The Uber U.S. Safety Report
March 26, 2021
BY: Lesnevich, Marzano-Lesnevich, O'Cathain & O'Cathain
By Domhnall O’Cathain, Esq.
Did you know that Uber published a U.S. Safety Report? Until recently, we didn’t know either.
The report looks at numbers from 2017 to 2018.
Before we look at those numbers, let’s remember that Uber spent $3.2 billion on advertising in 2018. That’s a lot more than it would ever think about spending on safety. So, we thought that we would take a look under the hood of what’s in the safety report.
It started with a blog post that gave us the following numbers that have little-to-nothing to do with Uber:
∙ In 2018, over 36,000 people lost their lives in car crashes in the United States alone
∙ Approximately 20,000 people were the victims of homicide in 2017
∙ Nearly 44% of women in the US have been a victim of sexual violence in their lifetime—which means that more than 52 million women live with that experience every day
We had to go into the actual report to get some numbers that matter.
Here’s what they tell us they know about deaths reported to them that involved someone using an Uber app at the time of the crash.
∙ 107 deaths
∙ 90% of these deaths were in urban areas.
∙ Most of the deaths were in a zone where the speed limit was 30-35mph
∙ 91% of the Uber crashes that killed someone were on a dry road.
∙ Uber only counts dead victims if they die within 30 days of the crash.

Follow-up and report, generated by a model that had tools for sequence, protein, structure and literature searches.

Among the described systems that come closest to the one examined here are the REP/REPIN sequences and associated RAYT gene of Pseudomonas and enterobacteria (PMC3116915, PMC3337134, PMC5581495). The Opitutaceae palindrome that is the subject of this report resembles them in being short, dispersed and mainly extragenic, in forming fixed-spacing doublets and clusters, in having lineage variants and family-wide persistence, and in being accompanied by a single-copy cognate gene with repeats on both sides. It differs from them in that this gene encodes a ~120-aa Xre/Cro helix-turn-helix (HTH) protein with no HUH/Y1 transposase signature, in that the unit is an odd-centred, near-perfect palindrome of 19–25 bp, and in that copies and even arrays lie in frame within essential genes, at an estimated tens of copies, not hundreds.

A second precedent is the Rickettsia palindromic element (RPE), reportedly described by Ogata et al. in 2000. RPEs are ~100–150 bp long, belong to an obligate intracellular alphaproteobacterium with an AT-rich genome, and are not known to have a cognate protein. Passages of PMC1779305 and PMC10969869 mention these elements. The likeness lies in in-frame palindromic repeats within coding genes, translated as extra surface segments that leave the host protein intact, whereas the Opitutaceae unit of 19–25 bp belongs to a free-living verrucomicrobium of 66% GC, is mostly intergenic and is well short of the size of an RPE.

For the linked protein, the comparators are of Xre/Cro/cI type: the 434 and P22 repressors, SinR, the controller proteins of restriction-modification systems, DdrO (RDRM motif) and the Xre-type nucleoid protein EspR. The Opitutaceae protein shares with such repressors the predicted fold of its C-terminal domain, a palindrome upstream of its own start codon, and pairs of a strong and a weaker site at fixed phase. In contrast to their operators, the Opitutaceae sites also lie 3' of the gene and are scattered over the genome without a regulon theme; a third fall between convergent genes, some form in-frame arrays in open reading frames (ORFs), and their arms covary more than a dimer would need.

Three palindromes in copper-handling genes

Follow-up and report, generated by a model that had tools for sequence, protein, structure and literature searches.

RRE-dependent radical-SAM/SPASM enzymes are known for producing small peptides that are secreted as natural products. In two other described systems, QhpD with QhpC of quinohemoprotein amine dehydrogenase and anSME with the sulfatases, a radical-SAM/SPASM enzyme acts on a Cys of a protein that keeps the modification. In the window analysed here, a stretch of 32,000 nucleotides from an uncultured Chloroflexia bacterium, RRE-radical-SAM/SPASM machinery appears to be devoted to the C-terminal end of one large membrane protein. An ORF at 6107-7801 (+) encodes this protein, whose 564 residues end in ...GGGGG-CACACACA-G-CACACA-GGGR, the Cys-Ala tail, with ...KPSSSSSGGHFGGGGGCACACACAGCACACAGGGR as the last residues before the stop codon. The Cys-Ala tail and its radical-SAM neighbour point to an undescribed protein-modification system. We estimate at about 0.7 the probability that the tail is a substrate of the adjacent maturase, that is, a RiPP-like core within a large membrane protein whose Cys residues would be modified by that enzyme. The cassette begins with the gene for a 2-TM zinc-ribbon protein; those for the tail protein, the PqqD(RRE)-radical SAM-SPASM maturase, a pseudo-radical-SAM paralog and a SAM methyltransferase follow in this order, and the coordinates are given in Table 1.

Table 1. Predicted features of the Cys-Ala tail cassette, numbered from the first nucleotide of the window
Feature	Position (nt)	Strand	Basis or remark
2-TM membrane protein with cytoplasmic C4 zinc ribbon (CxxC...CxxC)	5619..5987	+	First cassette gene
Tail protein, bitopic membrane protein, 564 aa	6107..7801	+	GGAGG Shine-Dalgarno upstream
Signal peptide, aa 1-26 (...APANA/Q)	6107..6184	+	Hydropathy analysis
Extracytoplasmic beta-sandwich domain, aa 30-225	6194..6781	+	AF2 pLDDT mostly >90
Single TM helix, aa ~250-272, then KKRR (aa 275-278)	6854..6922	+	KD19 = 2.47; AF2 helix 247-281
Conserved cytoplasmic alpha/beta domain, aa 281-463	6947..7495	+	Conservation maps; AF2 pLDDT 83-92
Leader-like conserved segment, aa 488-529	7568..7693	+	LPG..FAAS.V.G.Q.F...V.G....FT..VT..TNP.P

Here’s what they didn’t tell us about those crashes that killed a victim.
∙ Did the driver fall asleep at the wheel?
∙ How long had the driver been on the road?
∙ How many crashes had that driver been in before?
∙ How many complaints had Uber gotten about that that driver before the crash?
∙ What background checks did Uber do on the driver’s driving history?
∙ How many people were so badly injured in an Uber crash who died more than 30 days later?
The report also gives us a word we probably haven’t heard before – “deadheading”. That’s when the Uber driver is cruising around and looking for passengers. If an Uber kills someone while deadheading, it doesn’t make the Uber numbers.
The report skips past what we see in most car wreck cases – victims who survive put are left with a concussion, a broken bone, or permanent injuries to the neck and back. These are catastrophic Uber injuries.
Why won’t they tell us some of this information so we know how dangerous some of these Uber drivers are? With these drivers still on the road, the next Uber crash with those drivers could end up in the fatal crash statistics that Uber provides.
The report says nothing about the link between more vehicles on the road due to rideshare programs. The reports says nothing about the Uber self-driving car that resulted in a pedestrian fatality.
We’re not going to get into the sexual assault statistics disclosed by Uber in this report even though, of course, it’s another horrific problem with some Uber drivers who are predators.
Uber is part of our lives now. We need Uber to take the steps to make sure their drivers are qualified and know how to follow the rules of the road. We cannot know the driver’s history, but Uber can.
And if you’ve been the victim of a car accident as a result of Uber (or Lyft), or a loved one has— or, God forbid, someone you know has lost their life— please be sure to call our Personal Injury Department at: (201) 488-1161. We will file the lawsuit to make Uber and the Uber driver legally responsible for the loss they caused.